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Gogogirl's avatar

Highly irritable person, how to quit smoking when I can't use any other store bought nicotine products?

Asked by Gogogirl (8 points ) 3 months ago from iPhone

As the question indicates, I get irritated too easily. I’ve had a rough child hood and have been smoking of two years. I’m 18 years old. Anything can set me off and I haven’t learnt to control my emotions due to my unfortunate upbringing. I can’t do any exercise as I have bad joints (docs can’t find anything on simple blood tests so they say it’s in my head-I’ve had to call an ambulance because I couldn’t get up before. Tell me that’s in my head!). I work in excess of 50 hours a week and have no friends, no licence ect. I’ve tried patches but they give me hives, the sprays and gum almost made me vomit. My reason for quoting is I want to be as healthy as I can, save money and as pathetic as this sounds to try and become more appealing to my sort of partner. He does smoke but hasn’t laid a hand on me in months and jumps to my touch a lot of the times. He is quite older than I. So how can I do it? Does anyone have any handy tips to quit and keep my moods under control? Any help is appreciated!

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20 Answers

ARE_you_kidding_me's avatar

Can you go 2 weeks? That’s about what initial withdrawal takes. there is chantix but if you already have mood problems adding psych drugs on top of that is like throwing gas on a fire. The gum works, you need to learn how to use it. You don’t “chew” it like regular gum. You chew it for a few moments and then “park” it next to your gums for a few min and repeat. Every couple weeks cut the dose. Frankly though it’s easier just to go cold turkey for a couple of weeks.

GloPro's avatar

What about eCigs? There are also nicotine mints.
Your situation sucks. Props for realizing that smoking doesn’t solve anything. Stay strong, you can quit!

Judi's avatar

Do you have medical insurance? When my son tried to quit he had a manic angry episode and the doctor told him not to try to quit without his help. He put him on Wellbutrin while he was trying to quit and it helped him quite a bit.

ARE_you_kidding_me's avatar

@Judi I tried the wellbutrin thing when I was 20 and wanted to quit. I had a severe allergic reaction and ended up in the ER. It’s can be risky to go the drug route, I think that should be last resort. I ended up doing it cold turkey.

bolwerk's avatar

I highly recommend The EasyWay method. Just read the book and it goes through how to quit. I used it, haven’t smoked since 2007. And I was a 2-pack-a-day smoker.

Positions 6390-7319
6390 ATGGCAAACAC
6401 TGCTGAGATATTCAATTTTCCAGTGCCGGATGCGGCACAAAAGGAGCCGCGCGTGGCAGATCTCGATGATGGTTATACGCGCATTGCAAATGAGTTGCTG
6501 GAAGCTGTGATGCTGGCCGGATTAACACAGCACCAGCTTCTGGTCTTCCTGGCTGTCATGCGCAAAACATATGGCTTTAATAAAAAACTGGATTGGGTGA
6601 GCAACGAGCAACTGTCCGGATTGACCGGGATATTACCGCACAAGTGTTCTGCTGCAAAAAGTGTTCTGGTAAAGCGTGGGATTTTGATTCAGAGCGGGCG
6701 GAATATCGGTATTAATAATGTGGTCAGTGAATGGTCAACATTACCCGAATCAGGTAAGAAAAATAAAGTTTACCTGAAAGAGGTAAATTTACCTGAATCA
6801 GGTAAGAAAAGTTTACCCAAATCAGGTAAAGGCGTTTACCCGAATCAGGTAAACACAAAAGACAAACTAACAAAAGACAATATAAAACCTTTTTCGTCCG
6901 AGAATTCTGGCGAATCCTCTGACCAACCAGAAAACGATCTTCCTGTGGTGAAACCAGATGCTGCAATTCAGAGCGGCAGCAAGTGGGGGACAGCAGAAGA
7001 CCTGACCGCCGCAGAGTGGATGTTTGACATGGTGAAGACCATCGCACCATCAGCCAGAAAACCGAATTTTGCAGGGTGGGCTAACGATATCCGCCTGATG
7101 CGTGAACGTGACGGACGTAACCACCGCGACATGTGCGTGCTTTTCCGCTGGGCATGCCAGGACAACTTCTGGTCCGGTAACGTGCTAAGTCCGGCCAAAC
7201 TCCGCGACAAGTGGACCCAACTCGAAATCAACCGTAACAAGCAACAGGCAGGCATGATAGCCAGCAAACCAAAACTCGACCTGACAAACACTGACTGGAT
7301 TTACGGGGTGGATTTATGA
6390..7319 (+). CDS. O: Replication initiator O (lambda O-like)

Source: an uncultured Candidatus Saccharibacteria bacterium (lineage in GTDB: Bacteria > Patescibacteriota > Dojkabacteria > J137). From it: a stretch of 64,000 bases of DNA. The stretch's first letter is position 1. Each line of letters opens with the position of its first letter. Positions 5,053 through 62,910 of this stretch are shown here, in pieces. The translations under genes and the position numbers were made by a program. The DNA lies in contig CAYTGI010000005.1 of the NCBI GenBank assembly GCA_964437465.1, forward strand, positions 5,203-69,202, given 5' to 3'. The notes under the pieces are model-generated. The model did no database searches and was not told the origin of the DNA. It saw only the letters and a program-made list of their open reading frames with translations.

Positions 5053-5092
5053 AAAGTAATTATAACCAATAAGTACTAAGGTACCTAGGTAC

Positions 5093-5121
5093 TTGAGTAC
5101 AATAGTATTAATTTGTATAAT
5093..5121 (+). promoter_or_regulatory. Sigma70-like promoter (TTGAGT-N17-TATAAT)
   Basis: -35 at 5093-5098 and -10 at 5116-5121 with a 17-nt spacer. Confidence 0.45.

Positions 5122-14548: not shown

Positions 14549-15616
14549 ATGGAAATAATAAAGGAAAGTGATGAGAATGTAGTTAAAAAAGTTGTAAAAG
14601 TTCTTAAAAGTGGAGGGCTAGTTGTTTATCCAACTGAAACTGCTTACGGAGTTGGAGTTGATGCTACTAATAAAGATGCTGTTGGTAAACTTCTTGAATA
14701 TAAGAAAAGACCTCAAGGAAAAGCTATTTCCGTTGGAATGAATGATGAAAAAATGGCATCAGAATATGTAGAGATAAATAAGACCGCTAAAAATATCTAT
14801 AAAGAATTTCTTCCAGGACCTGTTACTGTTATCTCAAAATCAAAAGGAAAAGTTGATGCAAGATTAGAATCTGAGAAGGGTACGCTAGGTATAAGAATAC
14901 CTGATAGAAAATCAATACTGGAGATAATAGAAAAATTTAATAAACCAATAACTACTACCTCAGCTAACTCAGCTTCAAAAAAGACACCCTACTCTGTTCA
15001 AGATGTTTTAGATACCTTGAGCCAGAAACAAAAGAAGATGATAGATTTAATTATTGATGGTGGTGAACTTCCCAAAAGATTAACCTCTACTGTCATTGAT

I think substitution is a terrible method because it keeps the cravings alive. And cold turkey just makes you needlessly anxious.

ucme's avatar

People are going to offer a ton of ways to go about this, all potentially helpful in their own right, but essentially it’s down to you & that big grey muscle between your ears.

livelaughlove21's avatar

Wow. Smoking seems to be the least of your problems. I strongly suggest seeing a doctor (and a psychologist/psychiatrist) along with a counselor for you and this “sort of partner.” If he hasn’t touched you in months and jumps when you touch him, quitting smoking isn’t going to make him want you. Once you get your emotions and personal life under control, then you may have a better shot about cutting the smoking habit.

bolwerk's avatar

@livelaughlove21: quitting smoking properly can help with other anxiety problems, so it’s not a bad first step.

The partner should probably just be dumped.

ibstubro's avatar

I too, benefited from Wellbutrin. I think it could help with your irritability, as well. If you don’t have medical insurance, check to see of there are any government sponsored stop-smoking programs in your area. Locally, I know Catholic Charities will help with filling a script once you get one written.

Good luck. Kind of long odds with a smoking partner.

Skaggfacemutt's avatar

Smoking is a nervous habit to some people, and it seems like you are one of them. I am too, so I went to e-cigs about 3 years ago. I don’t cough at all anymore, and I don’t have to worry about people smelling smoke on me. I am not willing to give up my nicotine and my “me” time, just kicking back and puffing on it. Gosh, I have to have some enjoyment in life. I would rather do that than pop pills or drink.

Your partner problem seems unrelated to your smoking habit. Sounds like he wants out. Have you talked to him about it?

kritiper's avatar